Aggregate dividends per share (DPS) were just over $50 at the end of Q2 2012. This level is the lowest since Q2 2010 and represented a year-over-year decline of 7.1%. Furthermore, fourteen of the sixteen underlying MSCI country indices experienced year-over-year declines in DPS, led by declines of greater than 20% in the MSCI Portugal, MSCI Greece and MSCI Finland indices (-50.3%, -46.6%, and -22.8%, respectively). The only country indices to show increases were MSCI United Kingdom (10.0%) and MSCI Denmark (5.7%). Furthermore, only two country indices showed the majority of constituents making equal or higher DPS payments in the trailing twelve-month period than in the period ending in Q1 2012: MSCI United Kingdom and MSCI Spain. On the sector-level, only the Energy (6.5%) and Materials (4.8%) sectors showed year-over-year growth in DPS, and no sectors had the majority of constituents making equal or higher DPS payments in the trailing twelve-month period than in the period ending Q1 2012.
Aggregate DPS growth has been low for some time. The five-year compound annual growth rate for aggregate dividends per share in the MSCI Europe index is -3.7%, and the three-year rate trails that of earnings per share by a wide margin (5.3% versus 31.5%). However, there are some current constituents of the index that have produced impressive medium-term DPS growth rates, and their share prices seem to have benefitted as a result. The top ten companies by three-year, compound annual DPS growth have had a market-cap weighted, average annualized return of 19.5% versus 8.3% for the all of the constituents of the MSCI Europe index.
Though an investor can’t capture returns that have occurred in the past, FactSet’s back testing application (Alpha Testing) shows that investing in groups with higher trailing growth rates would have generated superior, forward returns over the past ten years. Securities with three-year, compound annual growth rates in the top quartile of MSCI Europe securities with available growth rates had a monthly average return of 1.1% over ten years compared to 0.6% for the aggregate index and 0.5% for the fourth quartile. Furthermore, slight adjustments to the test factor did not have material impact on the thesis of the test. Using a five-year growth rate, average monthly returns for the top quartile were 1.0%.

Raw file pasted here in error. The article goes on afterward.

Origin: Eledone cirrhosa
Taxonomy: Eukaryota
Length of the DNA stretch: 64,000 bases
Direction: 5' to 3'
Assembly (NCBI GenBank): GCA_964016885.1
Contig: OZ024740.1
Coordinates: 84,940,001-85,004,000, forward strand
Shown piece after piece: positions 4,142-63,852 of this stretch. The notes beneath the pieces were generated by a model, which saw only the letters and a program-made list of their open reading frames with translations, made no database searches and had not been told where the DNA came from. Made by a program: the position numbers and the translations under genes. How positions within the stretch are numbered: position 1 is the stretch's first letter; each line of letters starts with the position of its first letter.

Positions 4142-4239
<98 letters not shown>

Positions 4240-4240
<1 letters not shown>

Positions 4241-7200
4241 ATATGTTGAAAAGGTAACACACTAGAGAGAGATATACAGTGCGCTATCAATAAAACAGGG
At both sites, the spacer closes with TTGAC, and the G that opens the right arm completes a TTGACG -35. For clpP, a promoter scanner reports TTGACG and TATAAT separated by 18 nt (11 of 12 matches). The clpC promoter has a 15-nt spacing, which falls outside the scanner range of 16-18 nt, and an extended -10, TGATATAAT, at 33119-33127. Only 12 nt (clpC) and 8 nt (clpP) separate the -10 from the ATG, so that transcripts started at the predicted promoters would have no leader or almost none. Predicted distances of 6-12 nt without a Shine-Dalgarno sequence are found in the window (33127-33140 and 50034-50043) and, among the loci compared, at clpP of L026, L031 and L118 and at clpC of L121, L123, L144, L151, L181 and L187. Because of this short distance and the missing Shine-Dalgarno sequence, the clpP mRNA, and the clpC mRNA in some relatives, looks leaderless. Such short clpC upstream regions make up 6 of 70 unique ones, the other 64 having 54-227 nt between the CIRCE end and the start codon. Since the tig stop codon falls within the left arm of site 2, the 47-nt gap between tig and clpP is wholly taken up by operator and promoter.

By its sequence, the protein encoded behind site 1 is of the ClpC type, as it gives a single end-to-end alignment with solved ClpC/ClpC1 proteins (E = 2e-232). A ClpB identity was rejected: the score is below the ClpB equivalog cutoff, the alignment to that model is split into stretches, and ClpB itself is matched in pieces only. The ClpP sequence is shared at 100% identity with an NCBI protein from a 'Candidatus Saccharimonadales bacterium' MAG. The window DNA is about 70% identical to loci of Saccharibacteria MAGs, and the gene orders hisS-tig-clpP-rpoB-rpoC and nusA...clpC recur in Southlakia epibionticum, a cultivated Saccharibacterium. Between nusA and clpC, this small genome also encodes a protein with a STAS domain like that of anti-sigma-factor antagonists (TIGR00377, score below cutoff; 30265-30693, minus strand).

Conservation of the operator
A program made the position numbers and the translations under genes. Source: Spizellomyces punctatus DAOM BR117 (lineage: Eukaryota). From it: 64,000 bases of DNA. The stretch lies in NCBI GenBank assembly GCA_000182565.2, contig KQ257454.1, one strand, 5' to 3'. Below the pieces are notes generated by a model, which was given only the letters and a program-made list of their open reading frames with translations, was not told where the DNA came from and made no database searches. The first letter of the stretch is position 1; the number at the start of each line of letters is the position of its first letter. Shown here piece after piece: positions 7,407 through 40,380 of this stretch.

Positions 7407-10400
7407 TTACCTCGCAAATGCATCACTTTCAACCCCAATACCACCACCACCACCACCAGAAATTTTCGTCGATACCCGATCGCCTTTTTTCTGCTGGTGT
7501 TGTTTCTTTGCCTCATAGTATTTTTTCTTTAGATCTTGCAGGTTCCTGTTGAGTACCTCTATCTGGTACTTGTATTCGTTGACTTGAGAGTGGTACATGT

Three companies that have had compelling medium-term DPS growth rates include Tele2 AB, Croda International PLC, and Novo-Nordisk A/S. Tele2 is a Swedish telecommunications company that has an outsized 10.5% dividend yield. While the company has underperformed the MSCI Europe index over 52-weeks, it has an annualized return of 23.8% over three years (with reinvested dividends). Over the five-year time frame, Croda International (a specialty chemicals manufacturer) has grown DPS by a compound annual rate of 30.9%, and its shares have returned 28.1% annualized over the same period. Finally, Novo-Nordisk did not register on this report’s screens because of its lower dividend yield (1.5%), but the Dutch pharmaceutical company has had a compound annualized DPS growth rate of 34.7% over five years and an annualized return of 23.8% in that same time frame.
Read more about the dividend trends of companies in the MSCI Europe index in this quarter's edition of FactSet Dividend Quarterly: Europe. Visit www.factset.com/dividend_euro to launch the report now.
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